Small caps vs large caps: Finding the best opportunities
The David vs Goliath metaphor is often used to describe improbable victories on the sporting field. At other times, it's referenced to pit an individual against a big corporation.
But is this type of matchup relevant to stocks? Well, I think it is. History shows that smaller stocks often outgun their bigger cousins. And this has important implications for investors. It could change the way you structure your portfolio.
Have a look at this:
The graph compares the performance of two US indices: the Wilshire Large-Cap Index (blue line) and the Wilshire Small-Cap Index (red line).
If you’re wondering what Wilshire is, they provide a range of indices to help investors analyse the US markets. The Large-Cap Index includes the biggest 749 companies by market cap, while the Small-Cap Index contains stocks that rank between 750 and 2,500.
Let me tell you a bit more about the graph. The start date is June 1978, and both indices have a base value of 100 (which allows for comparisons). Over the 43 year history, it’s the small-caps that come out on top.
But it’s not one-way traffic. You’ll notice that the two lines usually converge around the shaded areas. These are recessions, and they typically result in small caps falling further as business activity declines.
While small caps have generally done well during expansions, they’ll often do it tougher when the economic tide turns — greater potential typically brings greater risk.
The outperformance of small caps can be traced back even further…
Research from US-based RiverFront Investment Group uses data going back to 1926. They calculate that after inflation, the trend in US small-caps has averaged 8.2% per annum.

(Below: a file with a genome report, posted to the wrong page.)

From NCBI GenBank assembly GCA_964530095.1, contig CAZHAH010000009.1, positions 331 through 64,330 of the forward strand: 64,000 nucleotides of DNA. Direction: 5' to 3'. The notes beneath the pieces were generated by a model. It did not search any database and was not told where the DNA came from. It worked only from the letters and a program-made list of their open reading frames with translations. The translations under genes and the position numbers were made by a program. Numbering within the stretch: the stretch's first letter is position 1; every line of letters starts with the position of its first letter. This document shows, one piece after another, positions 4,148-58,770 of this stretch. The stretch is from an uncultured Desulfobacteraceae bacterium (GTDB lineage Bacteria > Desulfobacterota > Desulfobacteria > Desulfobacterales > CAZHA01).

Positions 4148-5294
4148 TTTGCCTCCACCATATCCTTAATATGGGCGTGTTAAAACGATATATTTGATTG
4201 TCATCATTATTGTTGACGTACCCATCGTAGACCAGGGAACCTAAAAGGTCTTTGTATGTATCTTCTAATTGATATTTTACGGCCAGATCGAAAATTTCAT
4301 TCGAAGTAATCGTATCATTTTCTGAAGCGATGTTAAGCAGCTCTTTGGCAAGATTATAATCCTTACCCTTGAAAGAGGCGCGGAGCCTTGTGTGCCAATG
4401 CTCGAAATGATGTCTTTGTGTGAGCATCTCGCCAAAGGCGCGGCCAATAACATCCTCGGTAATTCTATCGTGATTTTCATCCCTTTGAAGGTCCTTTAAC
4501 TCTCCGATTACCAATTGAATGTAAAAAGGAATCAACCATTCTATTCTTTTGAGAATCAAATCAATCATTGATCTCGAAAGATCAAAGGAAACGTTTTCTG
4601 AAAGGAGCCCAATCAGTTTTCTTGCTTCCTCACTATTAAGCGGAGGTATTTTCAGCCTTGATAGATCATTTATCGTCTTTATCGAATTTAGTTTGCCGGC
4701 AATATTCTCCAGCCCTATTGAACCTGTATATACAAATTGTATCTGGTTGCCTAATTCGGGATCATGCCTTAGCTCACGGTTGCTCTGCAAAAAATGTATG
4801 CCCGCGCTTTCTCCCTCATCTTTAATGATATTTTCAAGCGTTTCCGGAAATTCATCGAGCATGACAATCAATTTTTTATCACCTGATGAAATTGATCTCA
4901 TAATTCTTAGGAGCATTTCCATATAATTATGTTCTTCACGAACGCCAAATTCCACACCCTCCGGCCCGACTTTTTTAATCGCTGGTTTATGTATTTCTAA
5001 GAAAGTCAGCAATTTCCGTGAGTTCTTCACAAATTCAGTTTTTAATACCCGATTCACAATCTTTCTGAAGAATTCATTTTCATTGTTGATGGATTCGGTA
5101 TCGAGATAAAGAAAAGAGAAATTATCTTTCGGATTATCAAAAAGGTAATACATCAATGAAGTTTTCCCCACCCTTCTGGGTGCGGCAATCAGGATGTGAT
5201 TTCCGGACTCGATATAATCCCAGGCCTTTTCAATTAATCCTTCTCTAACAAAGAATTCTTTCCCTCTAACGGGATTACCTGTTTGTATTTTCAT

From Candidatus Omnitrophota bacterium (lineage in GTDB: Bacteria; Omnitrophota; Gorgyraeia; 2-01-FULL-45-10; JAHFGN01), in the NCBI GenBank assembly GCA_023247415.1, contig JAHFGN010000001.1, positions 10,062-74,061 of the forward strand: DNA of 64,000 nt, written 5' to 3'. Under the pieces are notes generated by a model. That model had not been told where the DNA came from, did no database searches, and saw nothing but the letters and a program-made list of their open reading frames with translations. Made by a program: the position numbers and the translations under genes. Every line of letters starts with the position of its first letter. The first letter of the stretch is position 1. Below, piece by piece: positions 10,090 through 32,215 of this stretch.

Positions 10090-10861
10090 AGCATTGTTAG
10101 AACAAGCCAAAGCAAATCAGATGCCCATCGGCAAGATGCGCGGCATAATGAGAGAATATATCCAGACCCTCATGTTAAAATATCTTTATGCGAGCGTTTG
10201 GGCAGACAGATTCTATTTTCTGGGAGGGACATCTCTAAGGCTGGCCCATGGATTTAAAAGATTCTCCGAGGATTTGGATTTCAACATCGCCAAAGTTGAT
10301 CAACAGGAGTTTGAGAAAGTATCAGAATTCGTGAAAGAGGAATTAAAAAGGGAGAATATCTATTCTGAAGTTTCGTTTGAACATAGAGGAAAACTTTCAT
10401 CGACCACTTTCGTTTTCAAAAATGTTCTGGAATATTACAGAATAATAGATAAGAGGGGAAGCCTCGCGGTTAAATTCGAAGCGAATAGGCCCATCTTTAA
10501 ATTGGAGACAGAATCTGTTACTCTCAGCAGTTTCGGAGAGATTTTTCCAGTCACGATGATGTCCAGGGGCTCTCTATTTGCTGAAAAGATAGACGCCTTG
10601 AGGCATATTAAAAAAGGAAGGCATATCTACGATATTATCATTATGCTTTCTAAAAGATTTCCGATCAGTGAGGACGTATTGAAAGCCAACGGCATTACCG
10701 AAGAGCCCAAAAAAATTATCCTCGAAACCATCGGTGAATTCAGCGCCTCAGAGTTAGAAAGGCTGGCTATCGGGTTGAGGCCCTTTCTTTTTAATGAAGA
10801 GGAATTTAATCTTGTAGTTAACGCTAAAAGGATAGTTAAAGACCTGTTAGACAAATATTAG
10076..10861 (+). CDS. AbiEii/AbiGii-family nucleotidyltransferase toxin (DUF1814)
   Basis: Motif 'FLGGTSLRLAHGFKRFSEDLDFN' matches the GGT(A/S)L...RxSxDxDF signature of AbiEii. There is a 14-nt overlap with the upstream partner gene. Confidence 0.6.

So how about the Goliaths? Well, RiverFront put their average return at around 6.4% — nearly 2% lower. This sort of performance margin could make a huge difference over time.
No one can say if these trends will persist. The future could bring different rates of return. But I have no reason to expect that small-caps will lose their dominance.
What is a small cap stock?
The definition of a small cap stock varies. Take the ASX Small Ordinaries for instance. It’s widely used as an institutional benchmark for small companies. The index includes stocks in the ASX 300, but not the ASX 100. But with the smallest ASX 300 company worth around $1 billion, these are still relatively large businesses.
Other definitions say that small caps are companies with market caps of less $2 billion. While others say they have valuations between $50 million and $500 million.
Whichever definition you prefer, small cap stocks are often invisible to most people.
Have a look at this:
Source: Market Index
These are the All Ordinaries top 10 performing stocks in the 12 months to June 2021.
Cast your eye down the list. Except for Seven West Media, most of the names are probably a mystery. Now have a look at the performance column. Any investor would like gains like these in their portfolio. Small cap stocks have upside potential that few stocks can match.
And this makes sense. Many small cap stocks have a strong growth profile. That’s what often drives the share price. It can also lead to takeover activity, which produces further share price gains.
Ask yourself this: Which stock is more likely to double in value over the next two years — a company in the ASX 50 or a rapidly growing small to medium size business?